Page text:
In this blog series, we’re outlining some of the major hurdles to starting a telemedicine program in the hospital setting. Part I dealt with the failure to see the strategic value of telemedicine, and how to overcome it. Here are four other strategic hurdles we have encountered in the quest to gain consensus at the medical staff and board level. Resistance comes in many forms—personal, political, institutional—but it can be overcome with a thorough understanding of telemedicine’s myriad benefits.
Many U.S. hospitals are realizing strong returns on their investments in telemedicine. Staffing gaps are filled, patient transfers are reduced, and Leapfrog scores as well as other metrics are on the uptick. And by the way, their staffing costs have gone down. Despite the success stories, other hospitals struggle, for a variety of reasons, over the question of whether to implement telemedicine. In this new series of blog posts, we’ll cover the strategic and tactical challenges that often arise when a hospital is considering a telemedicine program, and we’ll offer tips on how to meet them. In this first installment, we discuss some of the strategic challenges involved in making the case for telemedicine and encouraging its adoption by a hospital or health system.
You’ve probably seen and heard the terms “telehealth” and “telemedicine” used interchangeably these days, both online and in conversation. It doesn’t matter whether the source is a physician or other healthcare professional or Jane or John Doe. The line between these terms is blurring. Nonetheless, there is a distinction.
Telemedicine’s acceptance among patients and providers is rapidly growing across the country. Many factors have made it possible: the quality and value of programs like Eagle’s, the dependable “always on” technology that can deliver physician expertise to hospitals anywhere, and the widespread acceptance of technological devices in our lives today. All these things have helped make telemedicine a sensible choice for more and more hospitals.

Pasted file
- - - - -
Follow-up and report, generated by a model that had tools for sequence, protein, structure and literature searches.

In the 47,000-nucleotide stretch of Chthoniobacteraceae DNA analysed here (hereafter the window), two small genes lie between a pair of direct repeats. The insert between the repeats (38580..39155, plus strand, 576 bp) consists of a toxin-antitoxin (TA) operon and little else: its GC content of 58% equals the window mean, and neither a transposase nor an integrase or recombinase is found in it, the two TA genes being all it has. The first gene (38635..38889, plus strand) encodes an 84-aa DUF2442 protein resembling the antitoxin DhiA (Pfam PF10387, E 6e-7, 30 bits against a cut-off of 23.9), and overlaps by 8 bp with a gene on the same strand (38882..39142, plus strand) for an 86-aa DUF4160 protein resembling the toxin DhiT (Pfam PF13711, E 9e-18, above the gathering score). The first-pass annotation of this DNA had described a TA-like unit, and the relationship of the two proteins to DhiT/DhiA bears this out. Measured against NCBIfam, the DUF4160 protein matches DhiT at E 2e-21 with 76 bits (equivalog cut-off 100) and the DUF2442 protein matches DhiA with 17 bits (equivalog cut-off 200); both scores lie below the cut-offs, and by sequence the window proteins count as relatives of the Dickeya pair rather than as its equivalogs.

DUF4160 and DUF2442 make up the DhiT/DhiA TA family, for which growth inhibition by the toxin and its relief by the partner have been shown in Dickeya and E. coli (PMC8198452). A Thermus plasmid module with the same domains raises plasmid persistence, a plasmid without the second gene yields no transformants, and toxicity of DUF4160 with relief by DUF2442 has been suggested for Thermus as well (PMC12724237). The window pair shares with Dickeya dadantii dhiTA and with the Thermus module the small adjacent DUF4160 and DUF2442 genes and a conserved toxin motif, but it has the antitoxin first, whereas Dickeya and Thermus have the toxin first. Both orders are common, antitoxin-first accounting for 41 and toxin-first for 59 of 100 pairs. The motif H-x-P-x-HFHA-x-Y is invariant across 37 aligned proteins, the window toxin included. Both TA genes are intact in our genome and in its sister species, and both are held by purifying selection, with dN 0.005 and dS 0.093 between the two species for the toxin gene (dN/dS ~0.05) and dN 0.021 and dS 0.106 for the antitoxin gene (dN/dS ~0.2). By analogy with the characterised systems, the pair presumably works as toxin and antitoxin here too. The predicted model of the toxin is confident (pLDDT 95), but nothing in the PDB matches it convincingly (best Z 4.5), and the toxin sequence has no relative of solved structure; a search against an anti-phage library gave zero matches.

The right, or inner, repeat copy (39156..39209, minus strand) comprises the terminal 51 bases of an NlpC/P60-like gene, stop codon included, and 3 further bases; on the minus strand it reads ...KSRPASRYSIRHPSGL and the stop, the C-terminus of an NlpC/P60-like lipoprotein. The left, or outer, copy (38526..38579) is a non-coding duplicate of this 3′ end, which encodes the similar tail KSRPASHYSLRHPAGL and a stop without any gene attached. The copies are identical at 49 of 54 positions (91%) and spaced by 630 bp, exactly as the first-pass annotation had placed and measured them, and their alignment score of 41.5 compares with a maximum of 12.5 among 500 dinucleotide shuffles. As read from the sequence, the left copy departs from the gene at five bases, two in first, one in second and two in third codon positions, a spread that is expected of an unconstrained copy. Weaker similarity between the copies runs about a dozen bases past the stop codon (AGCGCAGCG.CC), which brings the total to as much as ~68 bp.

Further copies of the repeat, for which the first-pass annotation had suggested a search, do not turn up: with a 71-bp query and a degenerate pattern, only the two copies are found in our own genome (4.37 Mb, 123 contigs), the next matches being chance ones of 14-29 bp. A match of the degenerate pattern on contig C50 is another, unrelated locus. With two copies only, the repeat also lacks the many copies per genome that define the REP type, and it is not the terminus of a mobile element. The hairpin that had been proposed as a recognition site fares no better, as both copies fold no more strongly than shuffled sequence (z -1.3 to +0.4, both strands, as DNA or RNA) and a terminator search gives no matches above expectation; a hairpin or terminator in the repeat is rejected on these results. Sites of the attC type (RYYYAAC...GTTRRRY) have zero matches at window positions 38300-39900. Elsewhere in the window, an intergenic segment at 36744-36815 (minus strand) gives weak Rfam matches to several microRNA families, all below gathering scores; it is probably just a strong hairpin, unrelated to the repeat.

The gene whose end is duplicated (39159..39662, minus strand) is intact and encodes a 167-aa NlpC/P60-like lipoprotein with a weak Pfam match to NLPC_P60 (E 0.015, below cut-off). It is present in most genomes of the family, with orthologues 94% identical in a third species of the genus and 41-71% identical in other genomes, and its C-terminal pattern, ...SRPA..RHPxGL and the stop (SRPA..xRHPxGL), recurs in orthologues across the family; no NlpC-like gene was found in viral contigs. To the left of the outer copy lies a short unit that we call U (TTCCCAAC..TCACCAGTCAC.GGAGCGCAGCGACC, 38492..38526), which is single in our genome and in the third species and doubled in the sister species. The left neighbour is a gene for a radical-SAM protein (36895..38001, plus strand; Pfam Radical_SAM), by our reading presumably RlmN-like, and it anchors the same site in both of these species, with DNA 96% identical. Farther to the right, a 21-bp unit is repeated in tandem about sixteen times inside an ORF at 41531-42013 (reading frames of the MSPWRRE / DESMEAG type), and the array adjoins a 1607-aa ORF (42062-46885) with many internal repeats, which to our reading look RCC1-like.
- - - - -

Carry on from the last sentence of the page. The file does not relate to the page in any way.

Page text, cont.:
What’s so great about Texas? A lot, quite frankly. Especially when it comes to the growth of telemedicine. (And I’m not just saying that because I’m a lifelong Texan.)
Healthcare publication editors frequently ask for my predictions about inpatient telemedicine in the coming year. You may have seen one of those guest posts published last month in Electronic Health Reporter. I’ve recapped the predictions below, but to sum them up in one line: It’s going to be another good year for telemedicine―perhaps the best yet. Momentum has been building for the increased acceptance of telemedicine in the hospital setting.
“I couldn’t do what I do without them.” That’s how one Nurse Practitioner (NP) at a critical-access hospital in rural Kansas sums up the backup support she gets from hospitalists in the Eagle Telemedicine program at her facility. Rebecca Carter, APRN, was a champion of the telemedicine program when it began at Anthony Medical Center (AMC) in Anthony, Kan., in January 2015. Today, nearly three years later, she is a stronger champion than ever.
You might have seen the recent news that the hospitalist practices of Eagle Hospital Physicians have joined Sound Inpatient Physicians effective Mar. 1, 2017. What does it mean for Eagle Telemedicine? Without the responsibility of managing those hospitalist practices, the leadership at Eagle can now focus resources on the continued expansion of our telemedicine practices—and continued leadership in the rapidly evolving field of telemedicine.
Our Job #1 as leaders of a telemedicine and hospitalist management company is to respond quickly to the needs of hospitals and stay attuned to their challenges. That’s why we make it a practice to attend the American Telemedicine Association’s annual Fall Forum—not only to share news about our programs with hospitals and physicians, but…
Most of us are aware of the shortage of physicians, exacerbated in many geographic areas, and typically worst at night and on weekends. Physicians utilizing telemedicine technology have demonstrated time and time again the ability to provide quality care via telemedicine on a 24/7 basis virtually anywhere. It is not technology or physician capability that…